So inflation is spiky. The increases in it are spiky, so we get this – maybe this is the top. Maybe 8%-ish inflation is the top, and then the next print will come in at, you know, 7% and then 6%, 5%, 4% or something. I don't know. But remember what Peter Boockvar told us when we interviewed him a couple weeks ago. He said, you know, we don't need 7% or 8%. All we need is about 3% or 4%, and that's a lot higher than what we've had. So you really – you need to be thinking about protecting yourself from inflation as an investor. And of course, you know, people say gold is so dumb, it doesn't have a yield, it's a terrible investment. Warren Buffett is one of these people. Yeah, OK. Well, in the 20th century, stocks – the S&P 500 is about a triple, and gold is almost 8 times. It's like almost 8 times, almost eight times. So I don’t know what to tell you. Gold has vastly outperformed the stock market in the 21st century and vastly outperformed the CPI, which is not even a double. CPI's up about 62% in the 21st century. Stocks are up about 220% in the 21st century, and gold during that time is up about 600%, so it's no contest. Gold has done a great job. Anybody who says otherwise is just not paying attention. And if you're worried about why it doesn't perform over some short period like even like a year or two, it's just silly. And maybe gold is telling us that for now this is it. For now the spikes in the CPI are going to get smaller. Maybe. I don't know. I don't have to predict that. I just have to hold gold, OK.
The last thing – that's all I have to say about that, all right. The last thing I want to talk about before we get to our interview is the subject of skin in the game. and on Twitter, the hedge-fund manager Bill Ackman, really smart guy I've known for some really incredible short positions and getting crushed in Valeant Pharmaceuticals and a bunch of other things. He's had a really – he's had quite a storied career. He's done really well for himself and his investors. Anyway, he was on Twitter making all these hawkish comments like the U.S. should get involved in the Russia-Ukraine war and fight the Russians and stuff. And I thought that was really disingenuous because, you know, he has no skin in that game.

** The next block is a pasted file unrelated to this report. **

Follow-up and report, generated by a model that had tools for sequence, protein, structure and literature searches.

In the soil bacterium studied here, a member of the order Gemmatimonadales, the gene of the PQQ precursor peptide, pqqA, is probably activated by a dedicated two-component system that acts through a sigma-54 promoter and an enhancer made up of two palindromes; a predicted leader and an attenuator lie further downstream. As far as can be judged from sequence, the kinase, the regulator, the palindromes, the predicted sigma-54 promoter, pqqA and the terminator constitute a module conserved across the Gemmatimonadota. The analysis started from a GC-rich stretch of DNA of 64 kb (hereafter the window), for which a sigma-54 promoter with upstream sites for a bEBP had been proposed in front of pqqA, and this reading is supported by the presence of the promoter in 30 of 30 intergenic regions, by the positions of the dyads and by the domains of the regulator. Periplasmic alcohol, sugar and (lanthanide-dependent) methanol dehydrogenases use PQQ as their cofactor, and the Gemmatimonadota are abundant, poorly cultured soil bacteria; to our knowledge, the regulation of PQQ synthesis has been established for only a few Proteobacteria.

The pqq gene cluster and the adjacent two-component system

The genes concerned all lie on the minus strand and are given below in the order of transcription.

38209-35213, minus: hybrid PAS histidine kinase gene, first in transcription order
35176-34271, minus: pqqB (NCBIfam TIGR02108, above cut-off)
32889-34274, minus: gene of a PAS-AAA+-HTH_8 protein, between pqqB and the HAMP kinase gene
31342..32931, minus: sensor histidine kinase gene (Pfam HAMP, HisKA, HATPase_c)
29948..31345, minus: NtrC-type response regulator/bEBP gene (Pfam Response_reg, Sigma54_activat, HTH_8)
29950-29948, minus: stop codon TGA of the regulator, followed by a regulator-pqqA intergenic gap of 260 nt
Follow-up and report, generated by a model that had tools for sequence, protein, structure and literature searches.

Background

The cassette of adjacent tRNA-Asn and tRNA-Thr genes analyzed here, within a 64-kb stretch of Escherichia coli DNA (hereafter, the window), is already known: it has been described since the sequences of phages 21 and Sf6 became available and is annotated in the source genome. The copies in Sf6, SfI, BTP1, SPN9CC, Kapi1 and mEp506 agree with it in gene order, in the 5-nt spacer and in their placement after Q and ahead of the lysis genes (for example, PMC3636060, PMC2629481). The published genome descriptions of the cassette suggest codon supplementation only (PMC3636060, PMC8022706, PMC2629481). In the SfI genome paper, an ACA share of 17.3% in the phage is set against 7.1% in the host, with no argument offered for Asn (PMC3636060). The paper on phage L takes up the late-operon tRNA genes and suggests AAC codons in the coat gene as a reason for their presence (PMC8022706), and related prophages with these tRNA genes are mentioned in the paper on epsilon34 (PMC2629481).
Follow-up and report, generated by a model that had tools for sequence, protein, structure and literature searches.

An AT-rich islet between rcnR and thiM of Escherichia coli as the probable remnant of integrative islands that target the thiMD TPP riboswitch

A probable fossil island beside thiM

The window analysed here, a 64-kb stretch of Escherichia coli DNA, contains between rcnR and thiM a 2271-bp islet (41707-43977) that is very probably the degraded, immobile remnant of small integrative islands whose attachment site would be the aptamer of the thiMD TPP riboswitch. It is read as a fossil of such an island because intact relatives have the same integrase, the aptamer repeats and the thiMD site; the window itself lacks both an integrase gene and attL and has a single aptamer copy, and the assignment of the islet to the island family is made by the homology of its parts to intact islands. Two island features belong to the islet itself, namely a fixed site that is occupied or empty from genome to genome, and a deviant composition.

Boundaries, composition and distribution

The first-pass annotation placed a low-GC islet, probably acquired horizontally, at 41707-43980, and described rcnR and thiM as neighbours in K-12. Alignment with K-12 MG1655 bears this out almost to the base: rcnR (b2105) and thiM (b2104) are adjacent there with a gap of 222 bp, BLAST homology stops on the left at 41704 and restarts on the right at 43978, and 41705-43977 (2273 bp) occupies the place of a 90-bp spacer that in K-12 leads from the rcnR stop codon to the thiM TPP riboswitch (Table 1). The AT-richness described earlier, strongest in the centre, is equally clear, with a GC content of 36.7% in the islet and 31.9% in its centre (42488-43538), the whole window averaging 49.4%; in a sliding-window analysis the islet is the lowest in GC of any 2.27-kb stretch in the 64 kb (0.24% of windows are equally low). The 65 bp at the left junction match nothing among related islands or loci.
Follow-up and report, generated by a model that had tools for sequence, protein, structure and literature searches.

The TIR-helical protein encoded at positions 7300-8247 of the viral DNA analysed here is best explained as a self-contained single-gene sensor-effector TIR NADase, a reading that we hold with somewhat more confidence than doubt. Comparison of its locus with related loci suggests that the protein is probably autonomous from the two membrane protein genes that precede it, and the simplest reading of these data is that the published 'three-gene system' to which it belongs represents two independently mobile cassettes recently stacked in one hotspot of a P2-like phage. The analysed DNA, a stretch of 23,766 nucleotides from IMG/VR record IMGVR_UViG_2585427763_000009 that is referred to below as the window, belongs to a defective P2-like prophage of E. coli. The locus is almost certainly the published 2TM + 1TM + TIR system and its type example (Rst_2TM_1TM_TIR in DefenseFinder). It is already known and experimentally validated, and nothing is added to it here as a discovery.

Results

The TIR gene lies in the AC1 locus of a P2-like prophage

Then Elon Musk comes along, and Elon Musk goes on Twitter and challenges – like his tweet on Twitter, he said I hereby challenge Vladimir Putin to single combat. Stakes are Ukraine. OK, so he challenges Vladimir Putin to single combat. And then in a follow-up tweet, he said do you agree to this fight? So the guy's willing – that's skin in the game. That's his own real skin that he's willing to put in the game. So we have a rather stark contrast between these two. Bill Ackman, no skin in the game, says let's go to war. Elon Musk puts only his own skin in the game and says I'll fight you. I don't know to the death, but I'll fight you, and if I win, get out of Ukraine. That is the living, breathing definition of skin in the game. No matter what else you think of Elon Musk, the guy understands skin in the game, OK. That's my rant for today. Let's talk with my friend and colleague, Kim Iskyan. Let's do it right now.
Dan Ferris: Forbes just predicted $3,000 gold, but I suspect that prediction is much too low. Did you see the February CPI numbers? 7.9% inflation. A fresh new 40-year record high. Meanwhile, the Senate just passed a $1.5 trillion spending bill. Folks, this is money we do not have. It's becoming painfully obvious that massive inflation is here to stay. Fed Chair Jerome Powell came out and admitted last week that we're going to see upward pressure on inflation at least for a while and that the supply-chain crisis is not as transitory as we had hoped. Gee, ya think? Yes, I called out this exact BS weeks ago and laid out a dead simple plan for what to do to protect your wealth.